In his article Milk Allergy and Lactose Intolerance (May 2002), Dr Steinman gives the following figures for lactose intolerance for children over 5 years old: "90-95% of black individuals and 20-25% of white individuals throughout the world". In fact, the picture is much more complicated. Many Asian populations, especially people from Far East, have rates of lactase deficiency approaching 100%. Additionally, there are a few groups in Africa, such as the Fulani, who have relatively low rates of lactose intolerance (around 20-25 percent). Conversely, some European populations like the Swedes are almost completely lactose tolerant (apx. 4% deficiency). Given that most of the world does not fall neatly into 'black' or 'white' categories, such variation is important. In fact, the world average for lactose intolerance is probably much closer to the 90-95% range given for 'blacks.' Therefore, we were very surprised to see this condition described as a "disease". Elsewhere we have seen it described as a "disorder". Why should this be when most adults in the world are lactose intolerant, clearly making this the normal adult condition? The perception of lactose intolerance as a health problem is a rather narrow Western view.


Asia + Africa counts for 4.8 billion people, the remaining 1.8 billion (representing 27% of the human population) is living in Europe, Central/South/Northern America and Oceania. Since those with milk allergy or diseases associated with consuming dairy products (http://www.pcrm.org/health/veginfo/dairy.html) are not included in these numbers, and since China, Southeast Asia, Africa, India etc. represent such a large part of the world population, it looks to me like most humans still 'can't stomach' milk from cows.

I guess one reason humans at some point started to use cow's milk was hunger, and because of the size of cows (and other practical reasons), it's a lot easier to commercialize cow's milk than milk from goats, pigs or chimpanzees, which may have milk 'more suitable' for humans (from a non-vegan perspective).

!!
Feb 27th, 2007, 01:12 PM
yes, i agree, it's a very convincing argument that it's not natural at all! :) but we all knew that anyway! hehe.

Korn
Mar 3rd, 2007, 11:12 AM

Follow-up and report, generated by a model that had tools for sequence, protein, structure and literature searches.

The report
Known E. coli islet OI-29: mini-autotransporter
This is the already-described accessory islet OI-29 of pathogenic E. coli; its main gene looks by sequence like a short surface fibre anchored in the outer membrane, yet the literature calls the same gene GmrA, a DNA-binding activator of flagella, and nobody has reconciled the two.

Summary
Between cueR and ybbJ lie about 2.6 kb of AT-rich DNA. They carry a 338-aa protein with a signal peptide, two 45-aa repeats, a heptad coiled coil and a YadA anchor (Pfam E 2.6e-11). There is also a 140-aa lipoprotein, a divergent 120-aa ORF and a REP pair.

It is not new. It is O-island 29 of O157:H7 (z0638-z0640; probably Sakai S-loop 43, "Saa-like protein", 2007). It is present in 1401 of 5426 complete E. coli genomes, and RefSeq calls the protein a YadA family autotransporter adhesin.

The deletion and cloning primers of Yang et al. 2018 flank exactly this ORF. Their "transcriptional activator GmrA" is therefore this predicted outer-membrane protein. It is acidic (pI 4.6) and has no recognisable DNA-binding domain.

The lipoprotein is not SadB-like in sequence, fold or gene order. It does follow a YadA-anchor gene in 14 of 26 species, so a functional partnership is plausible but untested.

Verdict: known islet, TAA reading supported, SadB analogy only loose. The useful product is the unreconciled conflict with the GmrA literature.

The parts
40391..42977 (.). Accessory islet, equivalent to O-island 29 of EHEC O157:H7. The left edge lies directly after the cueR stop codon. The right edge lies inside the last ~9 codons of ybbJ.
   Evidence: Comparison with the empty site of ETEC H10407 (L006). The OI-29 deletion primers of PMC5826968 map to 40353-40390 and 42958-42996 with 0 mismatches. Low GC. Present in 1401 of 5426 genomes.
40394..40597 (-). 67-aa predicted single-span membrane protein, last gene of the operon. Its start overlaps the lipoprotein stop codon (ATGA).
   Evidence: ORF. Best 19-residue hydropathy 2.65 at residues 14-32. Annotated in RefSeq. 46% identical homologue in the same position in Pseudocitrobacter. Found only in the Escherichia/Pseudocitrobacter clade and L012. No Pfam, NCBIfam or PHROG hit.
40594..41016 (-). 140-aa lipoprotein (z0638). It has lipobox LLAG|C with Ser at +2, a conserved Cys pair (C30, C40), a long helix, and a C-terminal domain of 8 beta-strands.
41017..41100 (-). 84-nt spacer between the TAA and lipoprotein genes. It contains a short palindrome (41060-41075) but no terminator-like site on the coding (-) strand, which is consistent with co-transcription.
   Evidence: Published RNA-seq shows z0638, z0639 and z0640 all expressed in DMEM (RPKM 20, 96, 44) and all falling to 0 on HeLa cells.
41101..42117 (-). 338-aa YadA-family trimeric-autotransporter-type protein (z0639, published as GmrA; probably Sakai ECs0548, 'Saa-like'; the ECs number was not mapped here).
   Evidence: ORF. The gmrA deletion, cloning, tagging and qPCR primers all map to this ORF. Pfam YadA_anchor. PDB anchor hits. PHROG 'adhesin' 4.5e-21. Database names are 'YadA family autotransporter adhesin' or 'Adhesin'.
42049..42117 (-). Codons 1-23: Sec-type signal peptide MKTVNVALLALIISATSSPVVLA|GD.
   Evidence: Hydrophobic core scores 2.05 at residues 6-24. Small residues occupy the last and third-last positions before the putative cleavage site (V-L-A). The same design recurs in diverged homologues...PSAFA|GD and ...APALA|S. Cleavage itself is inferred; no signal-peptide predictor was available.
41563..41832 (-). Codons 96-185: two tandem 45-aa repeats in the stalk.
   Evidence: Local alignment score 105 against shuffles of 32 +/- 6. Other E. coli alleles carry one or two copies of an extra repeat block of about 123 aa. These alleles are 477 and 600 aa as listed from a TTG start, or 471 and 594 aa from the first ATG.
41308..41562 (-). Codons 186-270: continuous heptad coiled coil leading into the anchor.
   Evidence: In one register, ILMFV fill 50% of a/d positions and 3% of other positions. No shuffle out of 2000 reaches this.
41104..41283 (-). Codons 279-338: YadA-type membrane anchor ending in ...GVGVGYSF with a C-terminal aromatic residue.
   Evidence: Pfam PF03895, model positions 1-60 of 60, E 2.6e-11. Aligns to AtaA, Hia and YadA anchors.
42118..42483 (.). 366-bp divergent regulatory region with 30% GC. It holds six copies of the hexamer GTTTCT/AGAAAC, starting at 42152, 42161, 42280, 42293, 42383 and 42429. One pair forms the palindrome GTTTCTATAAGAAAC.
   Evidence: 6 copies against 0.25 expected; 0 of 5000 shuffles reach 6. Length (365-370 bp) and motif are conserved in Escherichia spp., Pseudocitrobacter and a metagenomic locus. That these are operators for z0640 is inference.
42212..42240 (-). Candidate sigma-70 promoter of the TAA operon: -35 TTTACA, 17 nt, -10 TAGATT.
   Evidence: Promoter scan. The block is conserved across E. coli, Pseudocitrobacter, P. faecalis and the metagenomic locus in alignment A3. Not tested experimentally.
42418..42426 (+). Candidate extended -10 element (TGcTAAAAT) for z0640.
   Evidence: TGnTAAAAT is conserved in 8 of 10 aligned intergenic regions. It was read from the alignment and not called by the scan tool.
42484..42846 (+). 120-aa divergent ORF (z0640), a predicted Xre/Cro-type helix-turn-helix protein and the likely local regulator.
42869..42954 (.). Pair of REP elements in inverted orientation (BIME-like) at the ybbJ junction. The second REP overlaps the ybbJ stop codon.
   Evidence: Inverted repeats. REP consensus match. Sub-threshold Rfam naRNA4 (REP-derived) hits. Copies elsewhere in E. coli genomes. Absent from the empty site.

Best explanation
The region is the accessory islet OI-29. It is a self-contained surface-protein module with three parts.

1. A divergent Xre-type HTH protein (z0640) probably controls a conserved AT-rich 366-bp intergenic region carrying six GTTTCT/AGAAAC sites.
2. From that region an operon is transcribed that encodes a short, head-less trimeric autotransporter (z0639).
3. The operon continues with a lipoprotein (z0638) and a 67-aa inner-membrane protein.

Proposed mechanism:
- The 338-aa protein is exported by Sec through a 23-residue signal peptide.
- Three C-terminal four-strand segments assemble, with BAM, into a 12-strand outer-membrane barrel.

In fact, the world average for lactose intolerance is probably much closer to the 90-95% range given for 'blacks.' Therefore, we were very surprised to see this condition described as a "disease". Elsewhere we have seen it described as a "disorder". Why should this be when most adults in the world are lactose intolerant, clearly making this the normal adult condition?

It seems that the percentage of the total world population that are lactose intolerant is between 70 and 75%, according to various sources:

http://en.wikipedia.org/wiki/Lactose_intolerance:
"Approximately 70% of the global population cannot tolerate lactose in adulthood"
http://www.foodreactions.org/intolerance/lactose/prevalence.html:
Prevalence, Age, Gender & Genetics:
"Late onset lactase deficiency is the most common type of lactoe intolerance (LI). It is estimated to affect around 75% of the world population. Lactose intolerance varies from human group to another one. Moreover, onset of lactose intolerance varies from children of a group to another."
http://www.answers.com/topic/lactose-intolerance-1:
"Experts believe that 75% of the adult population worldwide does not produce enough lactase and is at risk for some or all of the symptoms of lactose intolerance."
http://www.allergyescape.com/milk-allergy.html
"Whereas a very small percentage of the population is allergic to milk, it is estimated that 70% of the world's population has trouble digesting lactose, so lactose accounts for the vast majority of milk-related digestive problems. "

aubergine
Mar 3rd, 2007, 03:37 PM
You could argue that given such adverse reactions such as heart disease, cancer and so on that modern man can't stomach milk either.

sacrilegend
Mar 4th, 2007, 05:13 PM
Can somebody tell me wat this is roughly about? I've tried reafding but I think my brain has stopped functioning.

Korn
Mar 12th, 2007, 03:45 PM
It's about whether humans and milk from non-humans did go well along a few thousand years ago, and if the human race as such is stomaching non-human milk today....


Here's something I just found (http://en.wikipedia.org/wiki/Lactose_intolerance#History_of_diagnosis):

In Europe, Roman sources attest that milk was often used as a purgative (to induce vomiting and diarrhea), and horse milk is suggested as the best, with goat's milk as the worst. This corresponds to the amount of lactose in the milk; horse milk has a great deal of lactose, and goat's milk not very much.